2015 GSA Annual Meeting in Baltimore, Maryland, USA (1-4 November 2015)

Paper No. 210-54
Presentation Time: 9:00 AM-6:30 PM


PRITCHARD, Ashley, Environmental Studies Department, McDaniel College, 2 College Hill, Westminster, MD 21157 and BECKER, Mona L., Environmental Studies, McDaniel College, 2 College Hill, Westminster, MD 21157, aep007@connections.mcdaniel.edu

This research investigated and compared the chemical composition of a forested soil to that of a no-till cornfield soil on the Singleton-Matthews Farm located in Westminster, Maryland. The forested plot is an established man-made forest that has been undisturbed and unaltered for many years. The forested area lies in a valley between areas of no-till farmland. The cornfield plot is located on higher ground and has been planted in corn continuously for several years, without crop rotation. The cornfield is managed as no-till and the addition of external inputs is required to keep the soil viable. Soils were collected within each plot. The soils collected within each plot were mixed for uniformity. A variety of tests and techniques were used to study the soil types. A field soil test kit was used to test pH, NO3-, NO2-, NH3+, P, K, Al, Mn, Fe, Cu, S, Ca, Mg, and Cl-.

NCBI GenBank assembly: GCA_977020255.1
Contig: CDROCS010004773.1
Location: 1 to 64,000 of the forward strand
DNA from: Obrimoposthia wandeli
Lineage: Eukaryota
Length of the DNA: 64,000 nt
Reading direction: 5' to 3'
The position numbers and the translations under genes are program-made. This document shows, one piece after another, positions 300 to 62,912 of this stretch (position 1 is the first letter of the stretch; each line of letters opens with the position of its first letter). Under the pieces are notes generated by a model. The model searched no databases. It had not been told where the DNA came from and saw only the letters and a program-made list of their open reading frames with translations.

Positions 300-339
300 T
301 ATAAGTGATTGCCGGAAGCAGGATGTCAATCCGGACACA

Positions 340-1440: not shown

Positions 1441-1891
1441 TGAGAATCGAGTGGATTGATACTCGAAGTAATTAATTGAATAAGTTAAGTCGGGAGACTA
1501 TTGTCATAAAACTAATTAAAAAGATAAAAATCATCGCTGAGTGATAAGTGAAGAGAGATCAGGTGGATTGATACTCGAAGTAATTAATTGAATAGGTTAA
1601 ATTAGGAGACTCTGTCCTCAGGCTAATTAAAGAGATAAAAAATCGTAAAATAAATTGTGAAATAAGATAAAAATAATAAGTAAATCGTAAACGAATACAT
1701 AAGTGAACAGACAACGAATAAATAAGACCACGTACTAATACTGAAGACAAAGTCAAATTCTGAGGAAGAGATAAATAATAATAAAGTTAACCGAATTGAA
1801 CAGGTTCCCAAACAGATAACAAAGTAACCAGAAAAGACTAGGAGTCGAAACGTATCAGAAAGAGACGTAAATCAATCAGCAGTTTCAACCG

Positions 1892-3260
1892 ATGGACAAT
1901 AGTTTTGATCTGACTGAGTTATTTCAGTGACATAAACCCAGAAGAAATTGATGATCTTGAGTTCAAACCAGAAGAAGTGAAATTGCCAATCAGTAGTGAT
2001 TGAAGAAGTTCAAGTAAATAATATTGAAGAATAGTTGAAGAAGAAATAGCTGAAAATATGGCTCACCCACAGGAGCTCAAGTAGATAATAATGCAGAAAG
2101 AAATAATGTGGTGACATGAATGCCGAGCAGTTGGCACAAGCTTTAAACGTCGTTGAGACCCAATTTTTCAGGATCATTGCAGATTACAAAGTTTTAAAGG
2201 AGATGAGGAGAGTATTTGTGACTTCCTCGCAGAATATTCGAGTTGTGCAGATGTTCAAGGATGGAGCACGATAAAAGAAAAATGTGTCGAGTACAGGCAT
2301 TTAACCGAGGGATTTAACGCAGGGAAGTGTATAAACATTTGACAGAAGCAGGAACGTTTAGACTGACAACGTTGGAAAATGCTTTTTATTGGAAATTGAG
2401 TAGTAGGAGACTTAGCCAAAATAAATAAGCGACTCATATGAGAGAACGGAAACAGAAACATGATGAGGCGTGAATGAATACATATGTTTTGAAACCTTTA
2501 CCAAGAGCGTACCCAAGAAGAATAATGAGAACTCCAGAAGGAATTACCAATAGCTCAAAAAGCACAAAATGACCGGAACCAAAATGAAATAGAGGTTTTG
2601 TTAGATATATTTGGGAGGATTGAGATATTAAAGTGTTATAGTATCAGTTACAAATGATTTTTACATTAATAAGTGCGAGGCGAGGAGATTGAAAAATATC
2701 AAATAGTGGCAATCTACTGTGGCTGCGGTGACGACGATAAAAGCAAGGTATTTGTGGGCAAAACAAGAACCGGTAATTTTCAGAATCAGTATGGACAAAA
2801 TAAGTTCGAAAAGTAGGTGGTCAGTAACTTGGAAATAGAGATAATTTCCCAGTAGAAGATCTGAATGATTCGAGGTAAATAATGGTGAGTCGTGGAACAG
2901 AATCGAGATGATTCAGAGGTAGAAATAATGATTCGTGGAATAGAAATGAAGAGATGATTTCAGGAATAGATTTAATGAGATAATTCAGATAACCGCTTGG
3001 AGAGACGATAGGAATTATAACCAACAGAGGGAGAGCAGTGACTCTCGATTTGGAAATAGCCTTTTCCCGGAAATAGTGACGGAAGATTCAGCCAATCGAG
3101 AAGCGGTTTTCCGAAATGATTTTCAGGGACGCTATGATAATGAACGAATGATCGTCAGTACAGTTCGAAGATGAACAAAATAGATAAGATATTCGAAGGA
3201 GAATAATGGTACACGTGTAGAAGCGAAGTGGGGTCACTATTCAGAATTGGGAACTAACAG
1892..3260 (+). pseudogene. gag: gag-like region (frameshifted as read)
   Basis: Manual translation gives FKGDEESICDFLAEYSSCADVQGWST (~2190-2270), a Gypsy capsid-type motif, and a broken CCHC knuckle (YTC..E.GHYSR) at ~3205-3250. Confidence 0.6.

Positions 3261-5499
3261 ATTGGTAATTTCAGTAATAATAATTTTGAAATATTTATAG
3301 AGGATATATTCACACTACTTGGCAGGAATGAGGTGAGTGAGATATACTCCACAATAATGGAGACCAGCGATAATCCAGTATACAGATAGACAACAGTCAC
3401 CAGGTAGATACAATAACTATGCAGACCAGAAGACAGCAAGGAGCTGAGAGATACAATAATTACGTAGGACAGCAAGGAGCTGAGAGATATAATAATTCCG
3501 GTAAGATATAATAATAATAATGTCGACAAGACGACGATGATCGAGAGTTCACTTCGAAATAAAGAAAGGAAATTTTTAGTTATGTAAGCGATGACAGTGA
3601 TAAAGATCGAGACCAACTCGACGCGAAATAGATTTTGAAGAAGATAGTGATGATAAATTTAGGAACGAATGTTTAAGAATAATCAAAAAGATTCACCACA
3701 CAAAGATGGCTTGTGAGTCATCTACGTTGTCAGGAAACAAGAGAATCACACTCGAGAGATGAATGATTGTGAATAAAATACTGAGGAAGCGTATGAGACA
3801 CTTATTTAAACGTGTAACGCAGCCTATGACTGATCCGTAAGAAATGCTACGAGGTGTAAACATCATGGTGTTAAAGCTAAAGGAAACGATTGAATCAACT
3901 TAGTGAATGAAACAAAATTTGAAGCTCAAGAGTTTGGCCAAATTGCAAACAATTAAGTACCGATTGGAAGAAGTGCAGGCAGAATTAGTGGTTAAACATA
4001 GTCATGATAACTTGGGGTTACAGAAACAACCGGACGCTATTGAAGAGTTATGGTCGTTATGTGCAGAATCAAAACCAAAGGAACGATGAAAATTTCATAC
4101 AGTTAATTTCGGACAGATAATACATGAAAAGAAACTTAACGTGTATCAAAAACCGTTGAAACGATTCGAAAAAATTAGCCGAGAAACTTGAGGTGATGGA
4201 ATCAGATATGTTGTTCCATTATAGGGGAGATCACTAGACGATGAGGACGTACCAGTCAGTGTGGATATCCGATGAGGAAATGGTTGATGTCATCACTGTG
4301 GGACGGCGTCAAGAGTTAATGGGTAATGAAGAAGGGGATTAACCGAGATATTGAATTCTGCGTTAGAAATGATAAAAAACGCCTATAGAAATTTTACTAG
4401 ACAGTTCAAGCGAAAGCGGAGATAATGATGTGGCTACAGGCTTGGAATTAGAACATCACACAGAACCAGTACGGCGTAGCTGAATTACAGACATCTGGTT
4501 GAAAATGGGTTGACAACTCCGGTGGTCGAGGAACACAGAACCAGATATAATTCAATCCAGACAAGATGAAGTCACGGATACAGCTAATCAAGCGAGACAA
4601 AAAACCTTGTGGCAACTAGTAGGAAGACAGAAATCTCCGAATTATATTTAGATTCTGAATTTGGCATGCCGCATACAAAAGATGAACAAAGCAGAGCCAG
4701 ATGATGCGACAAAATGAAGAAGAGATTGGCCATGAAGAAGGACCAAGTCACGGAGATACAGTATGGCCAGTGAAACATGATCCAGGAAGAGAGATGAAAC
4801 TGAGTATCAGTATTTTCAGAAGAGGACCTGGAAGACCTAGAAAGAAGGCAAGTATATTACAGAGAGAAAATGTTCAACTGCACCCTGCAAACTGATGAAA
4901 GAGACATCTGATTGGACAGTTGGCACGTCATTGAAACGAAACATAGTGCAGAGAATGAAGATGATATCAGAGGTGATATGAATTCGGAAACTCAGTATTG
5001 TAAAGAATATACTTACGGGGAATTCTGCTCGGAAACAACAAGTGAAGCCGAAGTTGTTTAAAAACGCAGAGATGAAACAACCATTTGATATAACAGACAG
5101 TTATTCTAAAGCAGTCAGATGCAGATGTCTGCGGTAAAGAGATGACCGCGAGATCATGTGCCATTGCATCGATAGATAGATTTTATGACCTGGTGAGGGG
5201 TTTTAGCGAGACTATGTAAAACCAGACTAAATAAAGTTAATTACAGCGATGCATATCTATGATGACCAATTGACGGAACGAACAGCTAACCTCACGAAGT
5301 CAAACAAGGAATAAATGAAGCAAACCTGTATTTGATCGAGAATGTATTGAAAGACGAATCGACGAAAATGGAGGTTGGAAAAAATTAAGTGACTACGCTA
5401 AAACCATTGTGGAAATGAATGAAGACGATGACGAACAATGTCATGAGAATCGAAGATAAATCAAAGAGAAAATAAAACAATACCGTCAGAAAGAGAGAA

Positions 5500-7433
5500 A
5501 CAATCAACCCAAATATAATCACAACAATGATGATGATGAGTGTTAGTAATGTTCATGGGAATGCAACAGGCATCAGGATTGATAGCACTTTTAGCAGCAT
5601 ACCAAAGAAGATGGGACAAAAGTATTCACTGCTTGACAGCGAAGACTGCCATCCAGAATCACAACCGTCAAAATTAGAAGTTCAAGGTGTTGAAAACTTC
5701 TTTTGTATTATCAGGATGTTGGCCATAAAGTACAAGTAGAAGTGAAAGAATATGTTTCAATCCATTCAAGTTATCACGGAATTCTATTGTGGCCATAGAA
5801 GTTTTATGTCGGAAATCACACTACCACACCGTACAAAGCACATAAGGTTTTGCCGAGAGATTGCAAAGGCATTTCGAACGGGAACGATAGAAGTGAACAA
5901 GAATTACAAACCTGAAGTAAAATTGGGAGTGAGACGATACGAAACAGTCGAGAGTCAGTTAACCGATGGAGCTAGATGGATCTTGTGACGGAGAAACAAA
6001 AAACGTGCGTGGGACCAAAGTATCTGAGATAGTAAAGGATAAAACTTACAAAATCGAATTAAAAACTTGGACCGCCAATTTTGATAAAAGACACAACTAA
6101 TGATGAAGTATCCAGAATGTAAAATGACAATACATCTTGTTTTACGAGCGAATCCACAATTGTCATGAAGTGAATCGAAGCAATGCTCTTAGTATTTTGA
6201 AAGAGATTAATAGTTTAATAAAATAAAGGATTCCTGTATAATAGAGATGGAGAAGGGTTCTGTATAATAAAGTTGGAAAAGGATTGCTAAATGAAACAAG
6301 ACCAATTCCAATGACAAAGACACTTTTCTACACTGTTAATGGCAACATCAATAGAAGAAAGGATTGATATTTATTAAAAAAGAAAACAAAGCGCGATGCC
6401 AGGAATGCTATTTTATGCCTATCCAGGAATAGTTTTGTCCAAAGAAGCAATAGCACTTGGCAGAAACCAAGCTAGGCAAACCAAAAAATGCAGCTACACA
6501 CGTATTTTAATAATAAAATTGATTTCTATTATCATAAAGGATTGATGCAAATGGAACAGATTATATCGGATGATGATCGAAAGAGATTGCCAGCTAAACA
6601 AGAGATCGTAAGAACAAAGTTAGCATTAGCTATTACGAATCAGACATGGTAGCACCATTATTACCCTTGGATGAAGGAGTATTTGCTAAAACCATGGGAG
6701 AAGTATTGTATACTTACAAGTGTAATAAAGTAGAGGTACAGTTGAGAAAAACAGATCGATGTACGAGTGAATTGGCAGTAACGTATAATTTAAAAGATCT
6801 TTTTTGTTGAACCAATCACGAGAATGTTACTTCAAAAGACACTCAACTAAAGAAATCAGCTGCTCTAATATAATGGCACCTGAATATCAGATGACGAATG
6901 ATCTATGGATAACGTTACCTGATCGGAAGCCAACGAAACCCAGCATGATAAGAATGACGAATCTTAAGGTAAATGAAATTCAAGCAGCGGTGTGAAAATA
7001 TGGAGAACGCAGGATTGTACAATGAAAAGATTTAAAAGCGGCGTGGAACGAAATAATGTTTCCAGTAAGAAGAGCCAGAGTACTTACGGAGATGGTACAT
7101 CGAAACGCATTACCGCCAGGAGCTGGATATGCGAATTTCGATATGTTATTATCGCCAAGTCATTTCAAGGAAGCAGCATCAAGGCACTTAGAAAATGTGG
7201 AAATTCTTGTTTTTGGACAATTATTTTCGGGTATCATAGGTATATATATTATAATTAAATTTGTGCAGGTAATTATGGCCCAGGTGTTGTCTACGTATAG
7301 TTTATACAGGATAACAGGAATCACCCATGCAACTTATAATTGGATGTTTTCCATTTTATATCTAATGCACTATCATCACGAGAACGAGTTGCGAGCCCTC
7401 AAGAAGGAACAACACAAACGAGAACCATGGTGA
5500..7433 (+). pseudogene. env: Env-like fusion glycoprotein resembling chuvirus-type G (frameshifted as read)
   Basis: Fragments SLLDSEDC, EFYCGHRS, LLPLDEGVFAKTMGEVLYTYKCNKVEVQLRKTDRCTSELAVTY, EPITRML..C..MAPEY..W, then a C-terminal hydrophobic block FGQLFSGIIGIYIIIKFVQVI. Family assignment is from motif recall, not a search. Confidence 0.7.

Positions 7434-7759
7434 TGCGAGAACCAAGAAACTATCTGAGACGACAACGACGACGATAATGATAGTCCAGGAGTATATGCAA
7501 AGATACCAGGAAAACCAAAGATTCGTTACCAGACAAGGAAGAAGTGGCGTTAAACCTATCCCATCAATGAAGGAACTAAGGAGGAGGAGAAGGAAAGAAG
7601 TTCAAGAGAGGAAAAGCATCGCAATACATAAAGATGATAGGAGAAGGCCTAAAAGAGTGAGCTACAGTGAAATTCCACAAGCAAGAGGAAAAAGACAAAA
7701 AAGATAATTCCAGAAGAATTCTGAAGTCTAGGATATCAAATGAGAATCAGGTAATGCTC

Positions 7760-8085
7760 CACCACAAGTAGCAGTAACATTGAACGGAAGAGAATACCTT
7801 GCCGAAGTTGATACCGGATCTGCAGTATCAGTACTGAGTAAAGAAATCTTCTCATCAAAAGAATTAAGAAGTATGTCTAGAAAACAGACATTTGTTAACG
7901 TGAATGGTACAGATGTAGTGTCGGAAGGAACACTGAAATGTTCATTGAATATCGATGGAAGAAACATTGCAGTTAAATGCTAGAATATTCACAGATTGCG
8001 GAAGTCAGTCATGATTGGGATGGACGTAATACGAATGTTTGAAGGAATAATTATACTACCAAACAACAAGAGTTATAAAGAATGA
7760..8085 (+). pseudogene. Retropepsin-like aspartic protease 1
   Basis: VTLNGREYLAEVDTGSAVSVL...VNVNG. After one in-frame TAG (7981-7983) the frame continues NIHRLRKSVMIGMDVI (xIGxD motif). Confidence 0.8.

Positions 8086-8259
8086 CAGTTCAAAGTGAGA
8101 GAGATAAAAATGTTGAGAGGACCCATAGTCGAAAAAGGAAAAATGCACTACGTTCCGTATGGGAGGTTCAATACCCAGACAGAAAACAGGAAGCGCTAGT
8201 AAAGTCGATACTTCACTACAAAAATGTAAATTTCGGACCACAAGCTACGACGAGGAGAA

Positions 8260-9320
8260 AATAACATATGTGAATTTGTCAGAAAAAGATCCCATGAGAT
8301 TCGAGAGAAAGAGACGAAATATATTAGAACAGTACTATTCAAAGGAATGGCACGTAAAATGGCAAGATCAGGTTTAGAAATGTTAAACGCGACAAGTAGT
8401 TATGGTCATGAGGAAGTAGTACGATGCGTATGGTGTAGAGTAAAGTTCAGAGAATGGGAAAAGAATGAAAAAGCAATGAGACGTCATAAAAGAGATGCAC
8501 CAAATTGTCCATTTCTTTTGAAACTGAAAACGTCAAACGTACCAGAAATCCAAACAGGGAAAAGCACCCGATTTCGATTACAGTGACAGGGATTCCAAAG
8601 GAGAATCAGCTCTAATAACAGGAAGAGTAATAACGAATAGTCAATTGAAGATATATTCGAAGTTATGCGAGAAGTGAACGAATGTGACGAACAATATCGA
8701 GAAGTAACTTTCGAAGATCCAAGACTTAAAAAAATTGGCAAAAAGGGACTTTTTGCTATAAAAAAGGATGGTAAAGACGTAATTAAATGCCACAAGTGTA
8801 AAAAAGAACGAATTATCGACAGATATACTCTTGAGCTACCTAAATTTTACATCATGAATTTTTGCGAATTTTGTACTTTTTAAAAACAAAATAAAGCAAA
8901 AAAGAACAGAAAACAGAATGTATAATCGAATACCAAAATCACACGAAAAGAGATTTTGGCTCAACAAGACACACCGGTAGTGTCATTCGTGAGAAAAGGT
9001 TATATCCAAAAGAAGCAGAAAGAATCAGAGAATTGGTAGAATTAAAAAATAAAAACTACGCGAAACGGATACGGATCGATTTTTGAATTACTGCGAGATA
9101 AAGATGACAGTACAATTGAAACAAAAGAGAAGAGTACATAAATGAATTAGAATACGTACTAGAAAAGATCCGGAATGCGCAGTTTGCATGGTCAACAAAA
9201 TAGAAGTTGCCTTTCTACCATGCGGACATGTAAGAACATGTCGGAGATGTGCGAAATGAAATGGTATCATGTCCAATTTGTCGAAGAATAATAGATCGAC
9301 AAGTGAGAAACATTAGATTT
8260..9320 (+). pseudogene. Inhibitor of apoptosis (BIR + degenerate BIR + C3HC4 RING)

As expected, there were very few similarities between the soils from the two locations. The largest differences were discovered in the concentrations of N, P, and K. The cornfield had higher levels of N, P, and K, which is most likely due to the fertilizers that are utilized in corn production. While no-till farming is often touted as environmentally friendly, due to the decreased disturbance of the soil, it does increase the need for fertilizers, especially on the Singleton-Matthews Farm where crop rotation is not utilized. In the future it would be beneficial to the soil for the incorporation of crop rotation or introducing minimal tillage on the farm.